Integrated within the striking natural surroundings, Espinoza House is a single family home that derives its characteristics from the landscape around it, integrating, stone, wood and glass and opening up to the bay. Designed by Chilean architecture practice WMR the 1,506 square foot (140 square meters) home is nestled on the mountains surrounding Matanzas beach, on the Chilean central coast.
The architects sought to integrate the building within its striking surrounding landscape, deriving its characteristics from the environment in which it is inserted. The house is dug into the hill in such a way that it allows for a patio invaded by the morning light, while offering protection from the wind and a view of the sea.
Next to the patio, the architects have inserted the kitchen, dining and living spaces in a lower level, all built out of stone, sharing the materiality of the mountains. The rest of the house’s structure consists of a combination of Oregon pine wood and steel beams, and opens up with large windows that overlook the beach. Here, a living space, which is — conceived as a yoga room — is articulated with two bedrooms.
Photos: Sergio Pirrone
This rural Connecticut getaway is owned and designed by Lisa Gray and Alan Organschi of Gray Organschi Architecture. The Shepaug River Valley Railroad, which ran along the Bantam River in the late 19th century, stopped at this location, once the site of a tiny local train depot. The architect saved and reinforced the existing 19th century rubble foundation, using it as the base for this new house. Two simple gable structures, oriented perpendicularly to each other, create space for a large open plan between them and refer, through their forms, to neighboring barns and to the region’s agricultural heritage. The house interior is lined with bleached pine; kitchen, dining, living and family rooms overlap each other and create a rich series of spatial experiences that accommodate relaxed weekend living. The living spaces open onto a lap pool which is edged in stone-lined gabion baskets and is surrounded by a cedar deck. The six and a half acres of outdoor spaces provide views across the meadow to the Bantam River.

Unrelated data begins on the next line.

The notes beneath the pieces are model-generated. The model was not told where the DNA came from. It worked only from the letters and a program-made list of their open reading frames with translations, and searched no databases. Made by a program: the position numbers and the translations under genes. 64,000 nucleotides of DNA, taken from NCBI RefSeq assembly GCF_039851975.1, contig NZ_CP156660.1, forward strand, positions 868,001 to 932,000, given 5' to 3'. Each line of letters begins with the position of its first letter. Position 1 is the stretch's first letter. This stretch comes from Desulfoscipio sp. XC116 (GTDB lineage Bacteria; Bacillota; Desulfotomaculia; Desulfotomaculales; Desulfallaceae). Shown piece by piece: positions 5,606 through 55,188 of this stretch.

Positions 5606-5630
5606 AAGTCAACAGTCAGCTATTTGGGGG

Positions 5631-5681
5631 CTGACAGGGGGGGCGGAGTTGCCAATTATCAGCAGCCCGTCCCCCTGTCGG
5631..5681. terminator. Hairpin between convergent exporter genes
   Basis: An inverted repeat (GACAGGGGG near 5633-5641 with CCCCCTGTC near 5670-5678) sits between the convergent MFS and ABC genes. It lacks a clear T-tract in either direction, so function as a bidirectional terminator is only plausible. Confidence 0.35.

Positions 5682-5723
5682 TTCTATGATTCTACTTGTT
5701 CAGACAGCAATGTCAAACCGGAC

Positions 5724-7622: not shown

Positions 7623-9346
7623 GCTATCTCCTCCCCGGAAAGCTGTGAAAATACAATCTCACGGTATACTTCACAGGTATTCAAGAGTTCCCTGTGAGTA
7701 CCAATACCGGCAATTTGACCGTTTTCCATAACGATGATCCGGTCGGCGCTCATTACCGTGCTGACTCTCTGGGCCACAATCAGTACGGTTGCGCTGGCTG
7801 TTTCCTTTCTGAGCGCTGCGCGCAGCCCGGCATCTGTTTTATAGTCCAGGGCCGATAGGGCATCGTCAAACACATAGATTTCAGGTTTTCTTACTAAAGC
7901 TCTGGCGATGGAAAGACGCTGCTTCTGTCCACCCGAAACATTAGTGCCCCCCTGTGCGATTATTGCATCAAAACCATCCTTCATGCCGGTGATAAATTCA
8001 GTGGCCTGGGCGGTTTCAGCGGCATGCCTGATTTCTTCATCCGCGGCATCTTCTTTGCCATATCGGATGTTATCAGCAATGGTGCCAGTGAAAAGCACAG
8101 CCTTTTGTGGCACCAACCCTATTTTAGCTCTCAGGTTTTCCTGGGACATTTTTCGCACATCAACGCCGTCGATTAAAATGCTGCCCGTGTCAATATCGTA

Consisting of two barnlike volumes set atop a stone foundation, the Depot House offers a locally rooted vision of New England modernism.
The couple made the house feel even more spacious by flooding a series of levels with natural light.
The family relaxes in their home’s dining room, sited atop the old foundation. Organschi designed and fabricated the table of wenge wood; the chairs were inherited from his uncle; and the pendant lights are Bertjan Pot designs for Moooi.
The swimming pool offers an alternative plunge to the nearby Bantam River.
The architects orchestrated all the material handling for the Depot House, from the prepainted wood siding to the fabricated stairs.
Sitting on the top two floors by Paris’s Place de la Madeleine, this 1,500 square foot (140 square meters) residence was created by unifying 12 maids’ rooms on two levels. Designed and owned by architect Michael Herrman, the result is a three bedroom duplex apartment that both preserves the character of the 200 year-old building in which it is located, yet is a uniquely loft-style space in the heart of Paris, France. The apartment is based upon the concept of a museum: the original limestone walls and oak beams have been excavated and displayed with archaeological precision. The addition of a glass floor and walls allows each room to retain a powerful sense of openness, to be visually connected with one another and with the views of the sky and rooftops of Paris.